leiastampIt grieves me deeply to learn of the death of Carrie Fisher, whose humour, cleverness and bravery have been an inspiration in my life.  Carrie Fisher’s legacy includes bravely sharing some of the most intimate details of her lowest points, from her struggles with drug addiction and bipolar disorder to the objectification that she was subjected to as an actress, to nasty, petty remarks from an entitled media whom, it seems, were angry that she didn’t just stay perfect in her gold bikini forever and had the audacity to get old.  She faced it all with courage and a cynical and sarcastic wit that I, who have had some considerable struggles in my life, find both inspiring and smugly satisfying.  She was an accomplished writer, penning memoirs, script band-aids, and her bestselling novel Postcards from the Edge, which was later made into a movie starring Meryl…

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Seeking Beta Readers!

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Diane Morrison

Hello there, friendly readers! I’ve been working on a hard science fiction project for National Novel Writing Month and I’m just about finished. Sometime in early 2017 I will be looking for beta readers to give it a peruse and offer opinions.

A beta reader, if you don’t know, reads an unpublished manuscript at some time before it’s submitted for publication to help guide the author in the editing process. The benefit to you is that you get to read a brand-new novel for free before anybody else has a look at it. The drawback is that, being as it will be an unfinished manuscript, it’s not as likely to be as well polished as a published work you’re buying from the store. Also, I’ll be circulating questionnaires after each chapter that I’ll need you to fill out in order to pin down areas where the work needs improvement.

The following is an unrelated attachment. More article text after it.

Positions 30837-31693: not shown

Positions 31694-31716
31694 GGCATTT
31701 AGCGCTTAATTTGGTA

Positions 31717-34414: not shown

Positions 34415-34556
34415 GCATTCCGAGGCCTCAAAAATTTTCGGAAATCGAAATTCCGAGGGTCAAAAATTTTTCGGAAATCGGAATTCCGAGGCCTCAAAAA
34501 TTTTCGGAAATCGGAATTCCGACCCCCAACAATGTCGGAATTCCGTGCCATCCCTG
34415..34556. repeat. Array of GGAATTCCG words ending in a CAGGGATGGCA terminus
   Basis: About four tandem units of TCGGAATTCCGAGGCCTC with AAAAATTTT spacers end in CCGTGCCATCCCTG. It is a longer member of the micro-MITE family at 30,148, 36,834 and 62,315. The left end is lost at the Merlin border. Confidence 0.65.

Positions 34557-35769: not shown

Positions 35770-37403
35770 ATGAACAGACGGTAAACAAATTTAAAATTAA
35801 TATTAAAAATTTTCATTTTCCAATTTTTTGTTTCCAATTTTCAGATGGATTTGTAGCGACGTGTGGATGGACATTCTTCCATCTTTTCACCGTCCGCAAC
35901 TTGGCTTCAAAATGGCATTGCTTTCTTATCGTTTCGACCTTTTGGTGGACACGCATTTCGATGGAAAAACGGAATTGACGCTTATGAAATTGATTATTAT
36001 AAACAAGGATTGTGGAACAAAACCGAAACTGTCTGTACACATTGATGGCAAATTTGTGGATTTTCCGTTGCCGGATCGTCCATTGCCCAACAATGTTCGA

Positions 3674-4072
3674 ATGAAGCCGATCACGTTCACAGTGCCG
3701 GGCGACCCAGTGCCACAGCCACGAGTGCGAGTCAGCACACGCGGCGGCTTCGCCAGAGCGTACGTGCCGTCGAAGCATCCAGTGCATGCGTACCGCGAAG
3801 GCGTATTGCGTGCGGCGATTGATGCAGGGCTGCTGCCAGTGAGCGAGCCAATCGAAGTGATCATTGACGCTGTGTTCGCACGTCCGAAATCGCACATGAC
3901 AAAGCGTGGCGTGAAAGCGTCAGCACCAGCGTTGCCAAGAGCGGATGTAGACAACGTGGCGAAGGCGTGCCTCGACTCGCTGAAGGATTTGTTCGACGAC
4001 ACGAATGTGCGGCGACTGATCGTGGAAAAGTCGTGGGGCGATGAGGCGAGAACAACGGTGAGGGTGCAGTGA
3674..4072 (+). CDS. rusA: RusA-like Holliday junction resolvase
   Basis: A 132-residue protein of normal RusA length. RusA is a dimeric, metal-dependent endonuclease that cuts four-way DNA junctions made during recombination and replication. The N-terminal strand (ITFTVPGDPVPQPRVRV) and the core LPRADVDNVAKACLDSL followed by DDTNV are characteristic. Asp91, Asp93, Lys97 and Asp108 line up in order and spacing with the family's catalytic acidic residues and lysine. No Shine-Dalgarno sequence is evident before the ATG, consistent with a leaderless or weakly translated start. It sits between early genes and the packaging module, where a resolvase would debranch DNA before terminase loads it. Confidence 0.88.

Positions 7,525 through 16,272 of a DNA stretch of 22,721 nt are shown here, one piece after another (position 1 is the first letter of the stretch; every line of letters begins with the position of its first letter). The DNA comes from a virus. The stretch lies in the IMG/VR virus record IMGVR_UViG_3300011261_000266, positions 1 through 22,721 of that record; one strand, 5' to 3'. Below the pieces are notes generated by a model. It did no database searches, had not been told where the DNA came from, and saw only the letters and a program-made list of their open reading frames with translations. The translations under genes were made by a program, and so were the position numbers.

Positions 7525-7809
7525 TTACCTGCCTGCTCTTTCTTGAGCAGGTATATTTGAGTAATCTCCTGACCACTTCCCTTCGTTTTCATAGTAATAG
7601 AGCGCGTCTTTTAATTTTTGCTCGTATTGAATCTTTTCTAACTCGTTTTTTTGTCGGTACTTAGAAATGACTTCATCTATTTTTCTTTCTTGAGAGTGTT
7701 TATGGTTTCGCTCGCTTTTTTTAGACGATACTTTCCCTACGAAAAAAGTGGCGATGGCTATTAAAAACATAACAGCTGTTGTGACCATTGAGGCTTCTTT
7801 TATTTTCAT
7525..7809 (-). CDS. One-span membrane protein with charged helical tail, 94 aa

Part…

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Book Review: Web of the Witch World by Andre Norton

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Diane Morrison

Web of the Witch World (Witch World Series 1: Estcarp Cycle, #2)Web of the Witch World by Andre Norton
My rating: 4 of 5 stars

Read for the Women of Genre Fiction Challenge.

I think I really like Andre Norton. This is only the second book of hers that I’ve read, the second of the classic Witch World series. I really love what she’s done here but I think you’ve got to have read the pulp fantasy and sci-fi classics – in particular Edgar Rice Burroughs‘s Barsoom series – in order to fully appreciate it. She’s spun a new take on classic pulp fiction. In a way she was the George R. R. Martin of her time; she was flipping the tropes. But she was also establishing new tropes.

In this, the second book of the series, it’s like a continuation of the story of Witch World where it left off. Simon Tregarth, interloper from our own world into the…

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Book Review: Witch World by Andre Norton

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Diane Morrison

Witch World (Witch World Series 1: Estcarp Cycle, #1)Witch World by Andre Norton
My rating: 4 of 5 stars

Read for the Women of Genre Fiction Reading Challenge and the Second Best Reading Challenge (for sci-fi/fantasy books that were nominated for awards but did not win).

Anne McCaffrey, C.J. Cherryh, and Andre Norton – the forgotten triumvirate of women who moulded the science fiction and fantasy we know today. Well, also Ursula LeGuin, but for some reason people remember her. I think perhaps the difference is that LeGuin is considered a “literary writer”; not that this is something she asked for or sought out.

Anne McCaffrey, C.J. Cherryh, and Andre Norton (who took said pen name because when she was writing sword and sorcery, publishers believed it was necessary to market to adolescent boys because girls didn’t read that sort of thing) are legends in the field, if you ask other science fiction and fantasy…